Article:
- 3rd Avenue, Huntington, WV 25755
- Dr. Majed Khader, 696-3121
- Questions or comments about Morrow Stacks?
- Hours Each Month
“As libraries move into the digital age, Morrow Library, recognizing the fact that all knowledge, to have a strong foundation, builds upon preceding knowledge and resources, is proud to take on the responsibility of respecting and maintaining our college’s history and extensive traditional resources, while moving into the 21st century.”
(Paris Webb, Librarian – Digital Resources/Systems Support)
About Morrow Library
Morrow Library, located on Third Avenue on the north side of campus, first opened to the public in 1930. It was partially funded by Dwight Morrow and dedicated to his father, James E. Morrow, (principal of Marshall College 1872-73). Portraits of Dwight, his Father James, and his mother Clara are displayed in the circulation area of Morrow Stacks.
James E. Morrow’s grand-daughter, (Dwight Morrow’s daughter), was Anne Spencer Morrow, who married aviation hero Charles A. Lindbergh. Anne was a successful aviatrix as well as the popular author of many works currently available in Morrow Library Stacks.
In 1967 an addition was added to the original structure which doubled its size to over 100,000 square feet. Recently, many areas of the interior of the building have been remodeled. Second and third floors and the north side of first floor have been completely renovated. In addition, the facility has also been undergoing technology upgrades. Wireless connectivity is available in much of the building.
Morrow Library houses the Morrow Stacks on the 1st floor, and Special Collections on 2nd floor. In addition, the University’s Testing Center is located on the Ground floor.
For some additional information and photographs of Morrow Library History see the Buildings of Marshall: Past and Present
Morrow Stacks contains approximately two thirds of the campus’ book collection. In addition, issues of currently received periodical titles dating before January 1996 and all completed titles are housed here.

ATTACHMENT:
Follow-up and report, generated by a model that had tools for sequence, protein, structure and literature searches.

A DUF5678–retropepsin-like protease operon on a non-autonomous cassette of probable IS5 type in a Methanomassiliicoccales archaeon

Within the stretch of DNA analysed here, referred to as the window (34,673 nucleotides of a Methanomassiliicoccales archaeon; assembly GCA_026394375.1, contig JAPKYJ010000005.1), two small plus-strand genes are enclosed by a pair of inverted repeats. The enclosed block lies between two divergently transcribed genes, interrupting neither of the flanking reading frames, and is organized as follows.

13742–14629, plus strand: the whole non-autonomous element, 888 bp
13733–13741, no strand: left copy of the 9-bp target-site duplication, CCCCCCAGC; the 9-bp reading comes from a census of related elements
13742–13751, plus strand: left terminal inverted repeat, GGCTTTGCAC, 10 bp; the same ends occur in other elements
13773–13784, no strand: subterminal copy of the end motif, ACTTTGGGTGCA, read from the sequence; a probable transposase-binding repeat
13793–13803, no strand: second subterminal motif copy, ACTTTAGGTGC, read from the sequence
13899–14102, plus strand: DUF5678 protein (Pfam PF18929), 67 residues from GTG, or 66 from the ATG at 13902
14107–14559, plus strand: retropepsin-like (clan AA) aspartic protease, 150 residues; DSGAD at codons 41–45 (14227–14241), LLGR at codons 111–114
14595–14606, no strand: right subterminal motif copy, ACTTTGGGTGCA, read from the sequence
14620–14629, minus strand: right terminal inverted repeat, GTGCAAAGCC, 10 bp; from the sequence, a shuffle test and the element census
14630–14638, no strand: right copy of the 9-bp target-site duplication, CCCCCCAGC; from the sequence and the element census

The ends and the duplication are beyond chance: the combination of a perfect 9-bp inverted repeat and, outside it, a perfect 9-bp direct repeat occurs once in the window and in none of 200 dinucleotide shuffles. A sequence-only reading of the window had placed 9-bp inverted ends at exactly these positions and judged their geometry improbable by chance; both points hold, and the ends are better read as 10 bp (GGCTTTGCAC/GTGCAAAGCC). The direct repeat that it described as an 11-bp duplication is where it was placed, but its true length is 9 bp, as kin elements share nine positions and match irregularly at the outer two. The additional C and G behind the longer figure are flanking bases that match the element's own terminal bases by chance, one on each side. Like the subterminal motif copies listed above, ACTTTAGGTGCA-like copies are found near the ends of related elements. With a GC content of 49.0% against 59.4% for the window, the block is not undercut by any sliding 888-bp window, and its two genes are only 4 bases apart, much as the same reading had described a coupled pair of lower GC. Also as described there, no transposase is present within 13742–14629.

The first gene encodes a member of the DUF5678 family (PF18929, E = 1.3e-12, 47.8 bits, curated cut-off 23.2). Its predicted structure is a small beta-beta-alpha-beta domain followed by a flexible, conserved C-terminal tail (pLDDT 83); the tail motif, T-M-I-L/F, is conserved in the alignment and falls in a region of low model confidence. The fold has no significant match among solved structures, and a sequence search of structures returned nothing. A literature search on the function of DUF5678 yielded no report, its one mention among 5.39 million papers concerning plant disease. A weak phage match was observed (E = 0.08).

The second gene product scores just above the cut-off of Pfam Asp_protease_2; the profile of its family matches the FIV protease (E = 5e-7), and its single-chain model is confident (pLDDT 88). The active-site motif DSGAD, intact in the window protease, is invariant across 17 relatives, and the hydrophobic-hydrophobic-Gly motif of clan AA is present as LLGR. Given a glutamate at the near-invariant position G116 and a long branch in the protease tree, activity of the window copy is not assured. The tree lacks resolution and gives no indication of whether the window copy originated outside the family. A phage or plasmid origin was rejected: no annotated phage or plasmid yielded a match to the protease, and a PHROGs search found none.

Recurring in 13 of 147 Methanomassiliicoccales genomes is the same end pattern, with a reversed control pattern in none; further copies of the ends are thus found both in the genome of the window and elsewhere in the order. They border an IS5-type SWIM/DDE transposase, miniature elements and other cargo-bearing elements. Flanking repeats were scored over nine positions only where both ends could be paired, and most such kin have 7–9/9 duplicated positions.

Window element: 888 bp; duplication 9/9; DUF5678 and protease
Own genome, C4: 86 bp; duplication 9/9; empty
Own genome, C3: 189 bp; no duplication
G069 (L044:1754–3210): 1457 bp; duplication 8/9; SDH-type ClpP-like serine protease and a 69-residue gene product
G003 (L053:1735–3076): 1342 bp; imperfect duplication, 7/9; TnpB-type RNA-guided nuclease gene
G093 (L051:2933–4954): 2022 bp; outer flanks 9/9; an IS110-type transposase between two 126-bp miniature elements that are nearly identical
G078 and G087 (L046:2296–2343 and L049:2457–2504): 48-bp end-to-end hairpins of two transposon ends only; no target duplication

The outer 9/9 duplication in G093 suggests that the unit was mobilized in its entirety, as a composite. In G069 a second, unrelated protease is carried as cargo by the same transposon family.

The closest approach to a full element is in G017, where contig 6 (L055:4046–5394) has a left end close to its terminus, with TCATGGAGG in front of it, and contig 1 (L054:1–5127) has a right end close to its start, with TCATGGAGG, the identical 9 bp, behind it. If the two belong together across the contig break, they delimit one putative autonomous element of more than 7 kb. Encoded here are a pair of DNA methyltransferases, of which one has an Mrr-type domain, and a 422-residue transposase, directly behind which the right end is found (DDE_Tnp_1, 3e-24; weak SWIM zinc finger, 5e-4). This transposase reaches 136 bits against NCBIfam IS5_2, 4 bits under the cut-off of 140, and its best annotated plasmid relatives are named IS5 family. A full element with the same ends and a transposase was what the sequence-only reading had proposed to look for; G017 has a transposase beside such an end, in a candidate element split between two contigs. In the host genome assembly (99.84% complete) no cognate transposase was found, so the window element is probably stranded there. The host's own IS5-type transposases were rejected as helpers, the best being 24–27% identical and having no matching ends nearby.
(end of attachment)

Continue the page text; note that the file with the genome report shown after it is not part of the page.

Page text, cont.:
The entrance is located on second floor of the Morrow Library Building. (Please use the campus-side entrance as the 3rd Avenue entrance is no longer accessible.)
The Stacks are open to faculty, staff, students and the community (see additional policies below). Books can be checked out with a valid MUID. A points card copier is available in the circulation area for copying non-circulating materials. (Please contact Drinko Library Circulation for details about Points Copy Cards.)
In addition to the Circulation Policies outlined below, Morrow Library Stacks requires a MUID in order to enter the Stacks. You must also sign in at the Circulation Desk. Community patrons may leave another form of picture ID when entering. However, please remember that a MUID is necessary for checking out materials.
Circulation / Collection Access & Services
Morrow Library and Stacks Floor Maps
James E. Morrow Library had four floors, (Ground or Basement, 1st Floor, 2nd Floor, and Attic), in its original building area. The Stacks Tower and wrap around addition added in the 1960’s involved lowering of ceilings and creating additional floors. For that reason, there are now five floors in the original building area and seven floors once you enter the Stacks area in the East Wing. At the opposite end of the building, in the West Wing, there are only five floors.
The Morrow Library Stacks Tower has seven floors: Ground Floor or G; GM; 1; 1M; 2; and 2M. (F3 is not currently open to the public as it is part of Special Collections’stack area.) The Stacks Tower contains 3 floors of books and 2 floors of periodicals, journals, and magazines.
A reorganization of the Morrow Library Stacks was completed on Sep. 6, 2012. The book collection is now located on Floors 2, 1M, and 1 and the periodical collection is now located on Floors GM and G. Both collections are now shelved according to the Library of Congress Classification System.
Note: If you need assistance, we encourage you to come to the Service Desk in Special Collections at the entrance to the stacks.